At Intel and Injaz al-Arab's Sci-preneurship Innovation Camp this past July,
six young Lebanese students found an innovative, inexpensive way to
solve the major water shortage issue that affects the Arab world:
using air conditioners.
It may sound like an unlikely solution, but David Kors, Abed Sherkawi, Radwan Othman, Omar Itani, Oudey Hamadeh, and Nisrine Hammoud, all first year undergradute students, realized that the distilled water that condenses inside air conditioners, which is typically funneled off for refuse, could be collected and re-used. “This water is completely safe to be used as tap water,” says Hammoud, a business student at Balamand University.
After developing a prototype over 48 hours during the competition, the six students debuted their final product, Re-H2O, to win. If they were to take the product to market, "we would target the Gulf, as it has the highest use of air conditioners,” says Hamadeh, an international business student at the Lebanese American University.
Addressing the region's water shortages was the challenge at the very first Sci-preneurship conference in the Arab World (the first Europeen Sci-preneurship competition was held in 2011) a joint effort by Intel, the technology company, and Injaz al-Arab, the organization that trains students to become entrepreneurs. With 5% percent of the world’s population, but less than 1% percent of global water resources, according to the UNDP, the Middle East and North Africa is one of the most water scarce regions on the planet. "The average Arab citizen has eight times less access to renewable water than the average global citizen, a UNDP report stated in November last year.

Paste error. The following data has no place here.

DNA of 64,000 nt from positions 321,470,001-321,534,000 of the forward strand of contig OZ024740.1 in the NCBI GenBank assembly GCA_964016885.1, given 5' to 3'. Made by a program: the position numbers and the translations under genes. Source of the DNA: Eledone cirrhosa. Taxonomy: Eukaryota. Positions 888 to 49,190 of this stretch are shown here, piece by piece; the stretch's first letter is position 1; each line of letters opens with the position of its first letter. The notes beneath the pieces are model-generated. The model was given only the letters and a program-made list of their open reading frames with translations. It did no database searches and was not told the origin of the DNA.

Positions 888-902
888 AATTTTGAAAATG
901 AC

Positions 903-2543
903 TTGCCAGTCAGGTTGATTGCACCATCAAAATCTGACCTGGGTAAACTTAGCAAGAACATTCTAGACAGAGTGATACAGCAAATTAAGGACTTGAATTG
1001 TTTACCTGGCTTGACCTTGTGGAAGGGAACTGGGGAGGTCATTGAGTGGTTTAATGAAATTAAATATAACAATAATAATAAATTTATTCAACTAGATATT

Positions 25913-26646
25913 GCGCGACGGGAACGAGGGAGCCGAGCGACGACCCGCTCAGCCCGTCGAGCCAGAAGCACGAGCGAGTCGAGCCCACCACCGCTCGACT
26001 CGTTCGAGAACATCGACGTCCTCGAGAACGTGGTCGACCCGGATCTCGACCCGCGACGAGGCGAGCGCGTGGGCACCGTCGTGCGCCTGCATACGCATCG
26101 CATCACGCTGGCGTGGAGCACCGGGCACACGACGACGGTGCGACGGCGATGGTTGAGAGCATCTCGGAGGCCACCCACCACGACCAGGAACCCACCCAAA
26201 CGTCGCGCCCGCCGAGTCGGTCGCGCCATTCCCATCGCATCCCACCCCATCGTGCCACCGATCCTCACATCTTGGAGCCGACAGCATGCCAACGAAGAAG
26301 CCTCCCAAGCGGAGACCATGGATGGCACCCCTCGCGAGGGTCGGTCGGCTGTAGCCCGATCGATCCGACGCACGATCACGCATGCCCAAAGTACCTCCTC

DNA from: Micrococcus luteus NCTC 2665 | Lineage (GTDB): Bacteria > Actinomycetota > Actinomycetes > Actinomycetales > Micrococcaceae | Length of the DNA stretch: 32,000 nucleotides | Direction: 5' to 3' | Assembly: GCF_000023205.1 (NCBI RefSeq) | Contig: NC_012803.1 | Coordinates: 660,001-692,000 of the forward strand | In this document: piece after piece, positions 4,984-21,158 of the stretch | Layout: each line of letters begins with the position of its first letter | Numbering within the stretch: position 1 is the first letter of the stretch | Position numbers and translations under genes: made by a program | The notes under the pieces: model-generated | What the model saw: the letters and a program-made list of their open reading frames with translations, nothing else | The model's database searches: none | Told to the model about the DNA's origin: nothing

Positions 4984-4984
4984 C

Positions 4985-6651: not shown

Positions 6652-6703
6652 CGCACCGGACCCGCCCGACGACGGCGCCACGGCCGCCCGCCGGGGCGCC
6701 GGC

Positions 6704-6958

To empower young students to tackle this issue
with marketable solutions, Intel and Injaz partnered business
students with science students, ensuring that each team consisted
of three winners of the Intel International Science of
Engineering Fair (ISEF) and three alumni from Injaz's yearly
company program. Thirty-six students joined the
competition from six countries- Jordan, Egypt, Palestine, Lebanon,
Saudi Arabia and Morocco- to imagine a new future.
While the winnners have now all returned to finish their studies, the six students say that they've learned skills that will help them return to building businesses and solving social and environmental issues once they graduated.
Team work. Having to work with strangers taught the team members to share ideas and listen to each other and trusting each others' skills. “It was very hard at first, as we didn’t know each other and we weren’t used to working together, but things got better later,” says Hammoud.
Working under pressure. Most of the students were in their first year in university, and did not yet experience short deadlines pressure (like delivering projects or essays in a short time).“We were on a tight deadline and determined to win, so we did our best,” says Hamadeh.
Problem solving. Being in this competition pushed the students to explore and test solutions for a global problem, inspired by small events from their daily lives. “I don’t really remember who or how we came up to discussing ACs, but we initially all thought of the small buckets filled with dripping AC water,” says Hammoud.
Inspired by a social need. Both Hammoud and Hamadeh affirmed that the competition inspired them to potentially work in a similar field after they graduate. “Being part of this competition pushed me to think out of the box and opened up my eyes to the importance of doing something about daily problems,” Hammoud describes.
the competition's goal was to instill a sense of concern over the
future and train a new generation to focus on global solutions, it
has succeeded. “Working on the Re-H2O project during the
competition made me realize how important it is to solve
environmental issues, and I am now motivated to work in this sector
whether part of a company, or building up my own startup,” says
Intel sponsored Wamda's Mix N' Mentor Roadshow 2013.